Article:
In the California Workers’ Compensation system, TTD is an abbreviation for “Temporary Total Disability”. TTD benefits are available to injured workers who are, according to a qualified physician, are temporarily unable to work as a result of their work-related injury or illness.
TTD benefits provide temporary wage replacement to workers for up to 104 weeks at the rate of 2/3 pay, subject to a certain maximum weekly rate.
To be eligible for TTD benefits, an injured worker must first report their injury or illness to their employer and file a workers’ compensation claim. The employer’s workers’ compensation insurance carrier will then investigate the claim and determine if the worker is eligible for TTD benefits.
It is important to note that the workers’ compensation system in California can be complex, and injured workers may benefit from seeking the assistance of an attorney who specializes in workers’ compensation law to help them navigate the claims process and ensure that they receive the TTD benefits to which they are entitled.
If you believe you may be entitled to TTD benefits due to a work injury or illness, contact us at 714-547-5025.
The California Workers’ Compensation system provides death benefits to the dependents of workers who die as a result of a work-related injury or illness. These benefits are intended to provide financial support to the surviving family members and dependents of the deceased worker.
The amount of death benefits that a dependent is entitled to receive depends on various factors, such as the worker’s earnings at the time of the injury and the number of dependents.
Generally, the death benefits include:
Burial expenses: Up to $10,000 for reasonable burial expenses.
In California, death benefits are usually paid as a flat sum to the beneficiaries, which could include:
$250,000 for one dependent or claimant.
$290,000 to be evenly split between two dependents or claimants.
$320,000 to be evenly split between three or more dependents or claimants.
Many deaths on the job may also involve misconduct of the employer, and if proven, the dependents may be entitled to a 50% increase in all benefits awarded.
If you’re a dependent of a worker who died as a result of a work-related injury or illness, consider consulting with an experienced workers’ compensation attorney to help you understand your rights and options. We can be reached at 714-547-5025.
Serious and Willful misconduct in the context of California workers’ compensation law refers to a reckless act or omission by an employer with a disregard for the safety of an employee.
Under California law, if an employee is injured as a result of Serious and Willful Misconduct (S&W) on the part of the employer, the employee may be entitled to 50% additional compensation beyond what they would receive through traditional workers’ compensation benefits. This additional compensation is known as a serious and willful misconduct penalty.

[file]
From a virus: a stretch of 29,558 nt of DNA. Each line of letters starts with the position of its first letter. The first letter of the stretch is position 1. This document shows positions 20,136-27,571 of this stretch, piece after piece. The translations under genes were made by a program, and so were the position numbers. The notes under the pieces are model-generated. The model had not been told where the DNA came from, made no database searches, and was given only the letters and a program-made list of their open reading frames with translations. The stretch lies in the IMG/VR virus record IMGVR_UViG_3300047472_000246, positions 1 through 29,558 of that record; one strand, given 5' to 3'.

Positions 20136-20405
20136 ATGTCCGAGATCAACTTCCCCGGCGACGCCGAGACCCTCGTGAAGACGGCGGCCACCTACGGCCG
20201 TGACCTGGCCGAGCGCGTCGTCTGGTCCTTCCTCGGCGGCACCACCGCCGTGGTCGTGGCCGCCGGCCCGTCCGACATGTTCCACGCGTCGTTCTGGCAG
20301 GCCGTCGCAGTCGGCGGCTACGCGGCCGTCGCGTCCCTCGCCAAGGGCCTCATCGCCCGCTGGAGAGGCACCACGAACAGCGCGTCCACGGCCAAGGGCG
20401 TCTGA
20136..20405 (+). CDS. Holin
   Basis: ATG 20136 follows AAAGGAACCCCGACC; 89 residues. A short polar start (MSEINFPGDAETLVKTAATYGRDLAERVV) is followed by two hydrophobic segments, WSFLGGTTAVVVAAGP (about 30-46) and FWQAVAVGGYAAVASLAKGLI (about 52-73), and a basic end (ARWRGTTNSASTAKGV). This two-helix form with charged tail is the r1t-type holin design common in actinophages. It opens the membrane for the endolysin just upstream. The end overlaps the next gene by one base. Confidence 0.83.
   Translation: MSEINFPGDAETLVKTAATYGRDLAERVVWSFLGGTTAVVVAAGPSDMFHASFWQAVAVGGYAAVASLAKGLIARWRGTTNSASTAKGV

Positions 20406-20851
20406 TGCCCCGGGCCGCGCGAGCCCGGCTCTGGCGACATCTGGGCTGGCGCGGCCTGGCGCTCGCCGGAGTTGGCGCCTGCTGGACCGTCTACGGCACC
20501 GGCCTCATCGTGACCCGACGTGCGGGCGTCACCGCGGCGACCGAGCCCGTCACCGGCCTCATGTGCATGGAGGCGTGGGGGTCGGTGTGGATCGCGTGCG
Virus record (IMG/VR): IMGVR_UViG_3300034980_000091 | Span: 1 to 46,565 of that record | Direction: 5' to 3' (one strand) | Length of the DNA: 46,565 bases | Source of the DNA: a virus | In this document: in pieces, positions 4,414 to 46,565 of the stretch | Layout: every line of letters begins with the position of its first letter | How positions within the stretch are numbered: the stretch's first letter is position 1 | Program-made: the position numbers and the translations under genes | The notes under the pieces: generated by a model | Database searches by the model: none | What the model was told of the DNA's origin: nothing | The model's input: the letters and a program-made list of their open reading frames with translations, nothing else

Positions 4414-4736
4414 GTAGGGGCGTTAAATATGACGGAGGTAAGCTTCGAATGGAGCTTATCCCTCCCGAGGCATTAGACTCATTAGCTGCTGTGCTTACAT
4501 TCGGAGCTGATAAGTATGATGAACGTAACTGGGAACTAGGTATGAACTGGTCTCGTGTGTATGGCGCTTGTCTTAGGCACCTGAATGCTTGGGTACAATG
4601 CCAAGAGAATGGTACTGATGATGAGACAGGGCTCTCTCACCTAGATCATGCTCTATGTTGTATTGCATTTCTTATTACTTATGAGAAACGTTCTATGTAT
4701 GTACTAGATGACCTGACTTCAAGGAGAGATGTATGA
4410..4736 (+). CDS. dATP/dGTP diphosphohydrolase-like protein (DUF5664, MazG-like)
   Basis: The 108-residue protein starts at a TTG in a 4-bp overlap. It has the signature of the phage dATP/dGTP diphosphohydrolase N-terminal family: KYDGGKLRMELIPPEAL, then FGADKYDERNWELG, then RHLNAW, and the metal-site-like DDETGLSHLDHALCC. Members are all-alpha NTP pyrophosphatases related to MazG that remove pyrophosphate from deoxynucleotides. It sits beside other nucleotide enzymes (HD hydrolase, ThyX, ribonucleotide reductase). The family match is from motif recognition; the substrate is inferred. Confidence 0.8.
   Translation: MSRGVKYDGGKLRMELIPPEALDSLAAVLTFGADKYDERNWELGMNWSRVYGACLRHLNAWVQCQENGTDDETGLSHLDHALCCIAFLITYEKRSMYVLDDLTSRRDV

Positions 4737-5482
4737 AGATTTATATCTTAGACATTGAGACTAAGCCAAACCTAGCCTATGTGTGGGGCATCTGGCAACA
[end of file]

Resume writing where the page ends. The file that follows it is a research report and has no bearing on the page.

In order to be entitled to potential S & W benefits, the worker ( or dependent(s) ) MUST a special applicant with the Workers Compensation court BEFORE the 1-year anniversary of the date of injury, or the S & W claim will be barred by the Statute of Limitations.
To establish a claim for serious and willful misconduct, the employee must show that the employer had a reckless disregard for the employee’s safety and that the act or omission was a substantial factor in causing the employee’s injury. Often, an expert witness is necessary to prove the S & W case.
Examples of serious and willful misconduct may include an employer’s intentional failure to provide safety equipment or training, intentional disregard of safety rules, or intentional removal of a safety guard from machinery.
If you believe that you have been injured as a result of serious and willful misconduct on the part of your employer, you should consider consulting with an experienced California workers’ compensation attorney to discuss your legal options. We can be reached at 714-547-5025.
Workers’ compensation covers a variety of injuries sustained by workers on the job, from slips and falls to forklift accidents. But what if the worker is injured off-site?
Workers’ Compensation Coverage For Off-Site Injuries
Typically, workers’ compensation covers off-site injuries that are work-related. However it can be difficult to determine if the injury is work-related. Workers’ comp judges will need to decide if the employment caused the injury. Off-site injuries that may be covered by workers’ compensation include:
- Injuries sustained while traveling if:
- The employee is a traveling sales professional with no fixed job site.
- The employer provides a company car for transportation or reimburses the employee for travel expenses
- Injuries sustained during an off-site company-sponsored event, such as a Christmas party
- Injuries sustained during a company-sponsored recreational activity, such as a company fitness program or team-building games
- Injuries sustained during a recreational activity to entertain potential clients
Injuries Not Covered By Workers’ Compensation